As Senate Foreign Relations Committee chairman Sen. John F. Kerry on Thursday chairs the second in a series of hearings intended to bolster the Obama administration’s policy of opening negotiations with Iran, a key Iranian dissident tells Newsmax that talks with the Tehran regime are a mistake.
“We believe the United States should talk to the Iranian people, not to the regime,” said Khosrow Seif, 73, the leader of the Iran Nation’s Party (INP).
Recalling his own role in the popular movement against the Shah in the 1970s, Seif told Newsmax that the United States should learn from its past mistakes and not support a dictator against the people, as it did with the Shah.
“The last time the United States had relations with Iran was to help the regime, to support the Shah against the people and keep him in power. The type of relationship I would like to see is just the opposite to that, for the United States to support the people of Iran against the regime.”
But that is not what Kerry or the Obama administration seem to have in mind.
Kerry’s opening statement at the first of the Iran hearings, held on Tuesday, used tortured logic to support the new administration’s policy of talking to the Tehran regime.
Noting that Iran has lied repeatedly to the International Atomic Energy Agency about its nuclear programs, Kerry acknowledged that the “gaps in what we know about Iran’s nuclear program are big and they are dangerous.”
Documents discovered on an Iranian laptop obtained by the CIA in 2004 “appear to show blueprints for a nuclear warhead and designs for missiles to carry it.” And Iran has consistently refused to answer questions about its nuclear intentions, he added.
“Just last week, a UN official acknowledged to my staff that talks between the IAEA and Tehran have reached an impasse. The official said he didn’t know what comes next,” Kerry said.
“Well, we do know what comes next,” he concluded. “The Obama administration has said that it wants to open direct talks with Iran. This is the right first step and I applaud the president for taking it.”
In a three-hour conversation recently in Los Angeles, Khosrow Seif dismissed the talk about talks as unimportant. “The important thing is not the talk, but the results. We have to see what the results of this action for the Iranian people will be, positive or negative.”
In a marked departure with the conventional wisdom expressed by journalists and Iran advocates in Washington, Seif said he did not believe that acquiring nuclear weapons was in the best interests of Iran, nor that the Iranian people supported such a quest.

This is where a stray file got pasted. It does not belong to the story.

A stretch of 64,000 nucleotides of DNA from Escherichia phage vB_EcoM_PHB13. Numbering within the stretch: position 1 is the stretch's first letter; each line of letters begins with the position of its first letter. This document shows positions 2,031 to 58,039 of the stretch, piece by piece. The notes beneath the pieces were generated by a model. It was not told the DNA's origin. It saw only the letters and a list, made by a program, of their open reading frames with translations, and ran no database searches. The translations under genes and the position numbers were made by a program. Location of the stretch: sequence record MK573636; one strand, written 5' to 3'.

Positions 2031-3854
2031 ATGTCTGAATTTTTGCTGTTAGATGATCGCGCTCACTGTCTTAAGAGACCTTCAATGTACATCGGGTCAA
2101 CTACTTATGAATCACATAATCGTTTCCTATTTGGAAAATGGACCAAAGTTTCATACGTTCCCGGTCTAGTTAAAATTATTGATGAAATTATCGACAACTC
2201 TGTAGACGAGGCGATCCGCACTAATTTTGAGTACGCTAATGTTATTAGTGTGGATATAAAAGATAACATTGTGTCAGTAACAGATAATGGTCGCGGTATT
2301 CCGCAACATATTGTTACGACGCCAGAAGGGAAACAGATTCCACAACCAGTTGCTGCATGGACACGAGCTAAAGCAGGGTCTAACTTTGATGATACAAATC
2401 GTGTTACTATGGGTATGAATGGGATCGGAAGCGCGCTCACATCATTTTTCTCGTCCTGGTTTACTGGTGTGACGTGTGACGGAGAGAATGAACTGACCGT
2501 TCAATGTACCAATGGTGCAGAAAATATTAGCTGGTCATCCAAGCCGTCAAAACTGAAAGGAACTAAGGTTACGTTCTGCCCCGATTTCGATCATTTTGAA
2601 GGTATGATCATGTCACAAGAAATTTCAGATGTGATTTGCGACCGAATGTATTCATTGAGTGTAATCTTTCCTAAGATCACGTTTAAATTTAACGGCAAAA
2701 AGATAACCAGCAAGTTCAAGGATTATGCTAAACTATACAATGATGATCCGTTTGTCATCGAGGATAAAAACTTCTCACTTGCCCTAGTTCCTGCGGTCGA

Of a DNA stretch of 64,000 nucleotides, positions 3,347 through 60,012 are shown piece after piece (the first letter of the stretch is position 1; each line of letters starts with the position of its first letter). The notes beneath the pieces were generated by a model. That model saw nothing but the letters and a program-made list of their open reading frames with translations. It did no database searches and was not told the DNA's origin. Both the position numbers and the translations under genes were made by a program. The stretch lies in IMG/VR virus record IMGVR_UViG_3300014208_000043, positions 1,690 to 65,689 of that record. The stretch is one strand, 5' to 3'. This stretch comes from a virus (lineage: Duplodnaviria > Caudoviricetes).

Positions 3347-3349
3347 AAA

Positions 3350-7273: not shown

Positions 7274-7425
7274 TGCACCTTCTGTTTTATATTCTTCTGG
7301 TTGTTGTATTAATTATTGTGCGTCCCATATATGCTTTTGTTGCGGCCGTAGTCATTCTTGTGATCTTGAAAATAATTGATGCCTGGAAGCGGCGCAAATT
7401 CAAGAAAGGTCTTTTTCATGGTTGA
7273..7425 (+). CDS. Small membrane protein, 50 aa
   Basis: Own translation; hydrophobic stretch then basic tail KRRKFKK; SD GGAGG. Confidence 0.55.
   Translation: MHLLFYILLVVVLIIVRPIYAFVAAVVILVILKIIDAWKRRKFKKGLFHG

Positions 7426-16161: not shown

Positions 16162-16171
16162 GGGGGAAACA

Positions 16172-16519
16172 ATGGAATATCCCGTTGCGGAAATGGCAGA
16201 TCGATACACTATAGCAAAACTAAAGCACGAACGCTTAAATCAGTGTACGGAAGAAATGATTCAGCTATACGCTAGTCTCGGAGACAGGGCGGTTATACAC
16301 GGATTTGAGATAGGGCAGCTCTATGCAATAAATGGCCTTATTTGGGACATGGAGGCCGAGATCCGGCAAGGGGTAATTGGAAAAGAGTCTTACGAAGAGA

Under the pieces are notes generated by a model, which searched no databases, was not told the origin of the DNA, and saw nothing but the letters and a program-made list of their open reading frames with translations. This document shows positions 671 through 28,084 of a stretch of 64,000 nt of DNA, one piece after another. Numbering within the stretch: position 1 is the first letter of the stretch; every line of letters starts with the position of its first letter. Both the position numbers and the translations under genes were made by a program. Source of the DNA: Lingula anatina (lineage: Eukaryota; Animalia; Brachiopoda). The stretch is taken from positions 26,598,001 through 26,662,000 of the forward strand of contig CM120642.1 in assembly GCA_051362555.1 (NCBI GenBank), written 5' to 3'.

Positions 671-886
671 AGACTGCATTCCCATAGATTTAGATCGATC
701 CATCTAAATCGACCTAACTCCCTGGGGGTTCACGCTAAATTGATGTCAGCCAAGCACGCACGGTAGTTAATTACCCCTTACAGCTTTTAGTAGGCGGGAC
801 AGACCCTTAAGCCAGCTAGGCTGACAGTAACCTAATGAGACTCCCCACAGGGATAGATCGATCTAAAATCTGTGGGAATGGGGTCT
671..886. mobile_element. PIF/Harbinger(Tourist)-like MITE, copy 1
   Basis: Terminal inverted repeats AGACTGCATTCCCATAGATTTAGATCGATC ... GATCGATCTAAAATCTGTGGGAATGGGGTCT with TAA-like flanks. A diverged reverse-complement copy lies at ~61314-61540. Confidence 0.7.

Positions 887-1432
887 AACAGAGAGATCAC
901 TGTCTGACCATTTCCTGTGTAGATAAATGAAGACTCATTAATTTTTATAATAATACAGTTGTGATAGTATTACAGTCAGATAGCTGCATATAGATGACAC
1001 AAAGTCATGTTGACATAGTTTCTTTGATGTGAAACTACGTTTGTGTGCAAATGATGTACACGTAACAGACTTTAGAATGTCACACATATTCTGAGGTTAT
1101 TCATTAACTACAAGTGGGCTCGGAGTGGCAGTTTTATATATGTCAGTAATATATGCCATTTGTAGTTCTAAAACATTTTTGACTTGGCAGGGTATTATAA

“If we had a government that was acting in the national interest, we could talk about this issue and discuss it openly,” he told Newsmax. But the regime has stifled all debate, and has tried to convince the West that the Iranian people are united behind its drive for nuclear capability.
“We believe that the whole Middle East should be free of nuclear weapons. But we have no faith that this regime will act in the Iranian national interests, since until now it has never done so. For these reasons, we don’t believe it’s a good thing for this regime to have access to nuclear weapons.”
The INP is one of Iran’s oldest and best-established political parties, and one of the few that continues to operate almost openly inside Iran, despite intense repression from the regime.
“The regime calls us an illegal group devoted to the soft overthrow of the regime,” he said. “But we were alive well before the Islamic Republic was created, so we don’t feel we need a permit to exist.”
There’s something fatalistic, almost valedictory, about his defiance.
Khosrow Seif knows that if he speaks his true feelings about the Iranian regime, he could be arrested upon his return to Tehran later this month.
And yet, he insisted that our conversation be placed “on the record,” as he gave a no holds barred condemnation of the Islamic regime, its terrorist practices and its nuclear weapons program, which he said was a danger to the of Iran.
“We will continue to fight against this dictatorship no matter what,” he told Newsmax. “We don’t agree with them on anything. We are against Islamic government. We believe in secular government, that religion is a personal matter.”
In today’s Iran, such views are not merely heretical; they are considered counter-revolutionary.